October 2016: Cartilage
Cecilia Pascual-Garrido, Erika Daley, Nikhil N Verma, Brian J Cole
PURPOSE: To compare the results of focal metallic resurfacing with biologic procedures in patients more than 35 years of age with isolated, full thickness defects of the femoral condyle. METHODS: A total of 61 patients met the selection criteria resulting in 30 patients treated with biological procedures, including debridement, microfracture, osteochondral autograft transplantation, osteochondral allograft, and autologous chondrocyte implantation (BIO group), and 32 patients treated with focal metallic resurfacing (CAP group)...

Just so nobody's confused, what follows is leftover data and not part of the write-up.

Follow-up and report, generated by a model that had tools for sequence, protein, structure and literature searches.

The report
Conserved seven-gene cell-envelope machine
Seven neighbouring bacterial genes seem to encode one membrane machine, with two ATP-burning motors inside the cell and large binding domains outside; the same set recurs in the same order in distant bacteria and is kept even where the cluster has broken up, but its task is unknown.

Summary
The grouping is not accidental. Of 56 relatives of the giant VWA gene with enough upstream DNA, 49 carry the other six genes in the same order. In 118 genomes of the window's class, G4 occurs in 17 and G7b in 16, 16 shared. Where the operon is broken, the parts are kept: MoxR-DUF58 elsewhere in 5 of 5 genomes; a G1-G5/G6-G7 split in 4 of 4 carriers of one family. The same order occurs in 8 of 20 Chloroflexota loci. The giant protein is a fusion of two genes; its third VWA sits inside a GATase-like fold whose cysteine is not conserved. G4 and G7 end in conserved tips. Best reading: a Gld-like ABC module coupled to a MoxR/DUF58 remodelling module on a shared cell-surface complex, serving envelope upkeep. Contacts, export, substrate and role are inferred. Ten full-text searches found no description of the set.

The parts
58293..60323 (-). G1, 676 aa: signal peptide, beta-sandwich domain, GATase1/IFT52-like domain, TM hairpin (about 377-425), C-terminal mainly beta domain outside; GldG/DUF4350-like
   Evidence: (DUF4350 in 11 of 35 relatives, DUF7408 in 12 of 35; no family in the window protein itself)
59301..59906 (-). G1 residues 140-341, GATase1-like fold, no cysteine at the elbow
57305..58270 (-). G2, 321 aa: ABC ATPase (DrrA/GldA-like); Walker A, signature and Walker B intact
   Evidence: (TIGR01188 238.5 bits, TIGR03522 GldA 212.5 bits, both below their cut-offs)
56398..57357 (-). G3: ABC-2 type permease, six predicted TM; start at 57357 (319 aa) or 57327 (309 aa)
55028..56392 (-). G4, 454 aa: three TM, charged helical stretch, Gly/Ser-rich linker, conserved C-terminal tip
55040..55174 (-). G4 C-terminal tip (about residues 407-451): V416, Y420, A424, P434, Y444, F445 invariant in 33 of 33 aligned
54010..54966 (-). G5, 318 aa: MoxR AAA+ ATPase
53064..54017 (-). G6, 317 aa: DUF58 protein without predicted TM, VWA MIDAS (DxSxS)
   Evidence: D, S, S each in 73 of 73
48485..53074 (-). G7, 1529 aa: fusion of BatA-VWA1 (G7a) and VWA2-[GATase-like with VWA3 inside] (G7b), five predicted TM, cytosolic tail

September 20, 2016: Arthroscopy: the Journal of Arthroscopic & related Surgery
Tomoyuki Oda, Tadahiro Sakai, Hideki Hiraiwa, Takashi Hamada, Yohei Ono, Motoshige Nakashima, Shinya Ishizuka, Tetsuya Matsukawa, Satoshi Yamashita, Saho Tsuchiya, Naoki Ishiguro
The natural healing capacity of damaged articular cartilage is poor, rendering joint surface injuries a prime target for regenerative medicine. While autologous chondrocyte or mesenchymal stem cell (MSC) implantation can be applied to repair cartilage defects in young patients, no appropriate long-lasting treatment alternative is available for elderly patients with osteoarthritis (OA). Multipotent progenitor cells are reported to present in adult human articular cartilage, with a preponderance in OA cartilage...
October 21, 2016: Biochemical and Biophysical Research Communications
Marcus Mumme, Amir Steinitz, Katja M Nuss, Karina Klein, Sandra Feliciano, Peter Kronen, Marcel Jakob, Brigitte von Rechenberg, Ivan Martin, Andrea Barbero, Karoliina Pelttari